April 2009
Volume 50, Issue 13
ARVO Annual Meeting Abstract  |   April 2009
Examining the Role of Phospholipase C in mGluR6- Mediated Signaling in Retinal on Bipolar Cells
Author Affiliations & Notes
  • M. Rampino
    Albert Einstein College of Medicine, Bronx, New York
  • S. Nawy
    Ophthalmology and Visual Sciences,
    Albert Einstein College of Medicine, Bronx, New York
  • Footnotes
    Commercial Relationships  M. Rampino, None; S. Nawy, None.
  • Footnotes
    Support  NEI
Investigative Ophthalmology & Visual Science April 2009, Vol.50, 1020. doi:
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      M. Rampino, S. Nawy; Examining the Role of Phospholipase C in mGluR6- Mediated Signaling in Retinal on Bipolar Cells. Invest. Ophthalmol. Vis. Sci. 2009;50(13):1020.

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      © ARVO (1962-2015); The Authors (2016-present)

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Purpose: : Light onset results in the opening of nonselective cation channels in On bipolar cells. This effect is a result of inactivation of the metabotropic glutamate receptor mGluR6. However, it is unclear how signaling downstream of mGluR6 mediates channel opening. The cleavage of PIP2 by PLC is known to regulate channel function in many systems, through either depletion of PIP2 or generation of its hydrolysis products, DAG and IP3. This study seeks to elucidate the role of PIP2-PLC signaling in modulating channel function in On bipolar cells.

Methods: : Patch-clamp recordings were performed in rod bipolar cells in acute mouse retinal slices. Pharmacological simulation of dark and light conditions was used to mimic light responses of rod bipolar cells under voltage clamp conditions. The simulated light response was elicited by displacing 4 µM bath-applied L-AP4 with 500 ms puffs of the mGluR antagonist LY351495 at a concentration of 500 µM. The PIP2-PLC pathway was manipulated using various drugs that were applied to cells through the patch pipette.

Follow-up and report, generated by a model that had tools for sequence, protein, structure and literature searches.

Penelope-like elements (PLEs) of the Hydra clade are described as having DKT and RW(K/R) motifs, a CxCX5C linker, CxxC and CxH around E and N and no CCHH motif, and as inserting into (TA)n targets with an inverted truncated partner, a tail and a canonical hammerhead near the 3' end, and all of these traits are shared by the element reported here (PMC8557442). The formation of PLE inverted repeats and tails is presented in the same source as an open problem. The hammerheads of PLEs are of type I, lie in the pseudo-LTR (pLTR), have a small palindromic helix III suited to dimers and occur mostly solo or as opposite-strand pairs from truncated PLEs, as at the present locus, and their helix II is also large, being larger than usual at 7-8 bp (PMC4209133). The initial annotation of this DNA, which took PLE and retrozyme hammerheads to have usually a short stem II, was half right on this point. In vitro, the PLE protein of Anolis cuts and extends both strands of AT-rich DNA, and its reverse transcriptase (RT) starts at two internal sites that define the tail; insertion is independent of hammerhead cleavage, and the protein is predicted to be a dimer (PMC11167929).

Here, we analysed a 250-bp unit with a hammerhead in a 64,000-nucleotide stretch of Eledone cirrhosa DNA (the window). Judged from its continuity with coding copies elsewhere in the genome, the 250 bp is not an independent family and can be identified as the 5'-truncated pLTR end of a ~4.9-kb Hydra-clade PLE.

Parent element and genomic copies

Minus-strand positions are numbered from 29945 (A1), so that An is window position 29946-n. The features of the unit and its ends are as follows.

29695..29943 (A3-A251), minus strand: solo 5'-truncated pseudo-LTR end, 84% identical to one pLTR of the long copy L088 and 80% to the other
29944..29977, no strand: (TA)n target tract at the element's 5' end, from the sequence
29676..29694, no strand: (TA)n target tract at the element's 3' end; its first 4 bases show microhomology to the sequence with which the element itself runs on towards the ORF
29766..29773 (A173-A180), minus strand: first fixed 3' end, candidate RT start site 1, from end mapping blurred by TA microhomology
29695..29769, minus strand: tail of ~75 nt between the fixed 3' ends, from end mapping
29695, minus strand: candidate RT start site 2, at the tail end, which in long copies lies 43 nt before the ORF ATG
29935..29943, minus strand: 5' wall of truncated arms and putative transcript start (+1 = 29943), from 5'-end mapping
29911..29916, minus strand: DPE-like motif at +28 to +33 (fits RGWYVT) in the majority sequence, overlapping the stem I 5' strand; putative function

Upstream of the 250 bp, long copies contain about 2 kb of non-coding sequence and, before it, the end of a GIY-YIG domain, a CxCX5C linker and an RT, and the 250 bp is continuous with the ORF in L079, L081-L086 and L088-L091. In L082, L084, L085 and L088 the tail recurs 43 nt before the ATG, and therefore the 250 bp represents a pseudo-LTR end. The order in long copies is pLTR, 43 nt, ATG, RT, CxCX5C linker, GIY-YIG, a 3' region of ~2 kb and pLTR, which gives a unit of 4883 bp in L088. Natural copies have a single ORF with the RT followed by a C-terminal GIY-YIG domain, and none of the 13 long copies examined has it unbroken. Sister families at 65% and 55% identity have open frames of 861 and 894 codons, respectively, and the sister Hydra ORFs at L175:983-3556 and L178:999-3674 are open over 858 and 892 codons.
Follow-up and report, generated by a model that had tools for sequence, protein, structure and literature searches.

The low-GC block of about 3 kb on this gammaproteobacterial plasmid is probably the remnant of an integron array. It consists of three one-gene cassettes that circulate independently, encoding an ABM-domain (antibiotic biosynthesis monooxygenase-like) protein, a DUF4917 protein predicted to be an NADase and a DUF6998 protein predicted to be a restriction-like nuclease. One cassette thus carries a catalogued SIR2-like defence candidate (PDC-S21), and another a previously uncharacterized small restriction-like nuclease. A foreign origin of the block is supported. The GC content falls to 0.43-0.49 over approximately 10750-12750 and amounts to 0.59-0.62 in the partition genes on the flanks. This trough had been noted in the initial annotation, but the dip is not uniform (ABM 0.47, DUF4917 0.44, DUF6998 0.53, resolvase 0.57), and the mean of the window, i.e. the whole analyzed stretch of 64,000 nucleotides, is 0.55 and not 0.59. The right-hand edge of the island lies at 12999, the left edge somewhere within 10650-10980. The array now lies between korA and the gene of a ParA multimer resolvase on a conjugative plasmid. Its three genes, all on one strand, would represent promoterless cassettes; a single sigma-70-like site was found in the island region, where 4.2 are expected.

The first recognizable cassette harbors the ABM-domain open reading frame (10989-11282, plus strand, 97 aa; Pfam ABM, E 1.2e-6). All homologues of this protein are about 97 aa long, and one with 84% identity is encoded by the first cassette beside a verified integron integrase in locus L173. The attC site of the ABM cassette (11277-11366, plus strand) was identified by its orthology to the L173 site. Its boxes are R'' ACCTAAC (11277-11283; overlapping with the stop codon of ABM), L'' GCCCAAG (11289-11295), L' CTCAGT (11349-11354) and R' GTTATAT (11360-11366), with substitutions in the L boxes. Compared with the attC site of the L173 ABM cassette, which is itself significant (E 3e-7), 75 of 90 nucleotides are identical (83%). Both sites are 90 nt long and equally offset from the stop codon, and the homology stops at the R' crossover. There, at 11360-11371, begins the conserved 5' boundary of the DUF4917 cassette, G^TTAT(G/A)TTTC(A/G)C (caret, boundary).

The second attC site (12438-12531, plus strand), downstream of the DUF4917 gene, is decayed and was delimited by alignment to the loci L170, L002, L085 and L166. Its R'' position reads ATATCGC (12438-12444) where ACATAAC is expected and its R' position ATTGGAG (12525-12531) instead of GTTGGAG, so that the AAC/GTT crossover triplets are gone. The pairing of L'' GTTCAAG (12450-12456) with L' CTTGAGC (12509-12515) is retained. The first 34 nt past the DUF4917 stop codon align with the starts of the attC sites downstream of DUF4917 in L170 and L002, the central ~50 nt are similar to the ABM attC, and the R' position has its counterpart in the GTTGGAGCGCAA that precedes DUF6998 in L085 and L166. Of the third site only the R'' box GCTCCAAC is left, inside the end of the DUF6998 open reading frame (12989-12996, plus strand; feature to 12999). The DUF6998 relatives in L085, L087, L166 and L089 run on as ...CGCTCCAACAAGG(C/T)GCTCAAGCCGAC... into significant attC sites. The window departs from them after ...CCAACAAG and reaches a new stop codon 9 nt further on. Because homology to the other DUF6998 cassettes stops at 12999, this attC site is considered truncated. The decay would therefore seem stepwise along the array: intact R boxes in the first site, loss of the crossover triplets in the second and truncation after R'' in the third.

Results: : Application of the PLC inhibitor U73122 (10 µM) resulted in a decrease of the simulated light response by approximately 50%, while the inactive analog of this drug caused no change. To determine if accumulation of membrane PIP2 caused response run-down, we applied the non-hydrolyzable PIP2 analog diC8 PIP2. We saw no change in response amplitude, indicating that depletion of one or both of the PIP2 hydrolysis products rather than accumulation of PIP2, was responsible for the observed effect of the PLC inhibitor. Additionally, prevention of PIP2 synthesis using wortmannin, an inhibitor of PI4Kinase, caused run-down over time, supporting a mechanism by which slow depletion of DAG and/or IP3 cause a decrease in current.

Conclusions: : Our data suggests PLC activity contributes to the regulation of the transduction channel function in rod bipolar cells, and that the effector of this regulation is downstream of PLC, perhaps either IP3 or DAG.

Keywords: signal transduction: pharmacology/physiology • bipolar cells • ion channels 

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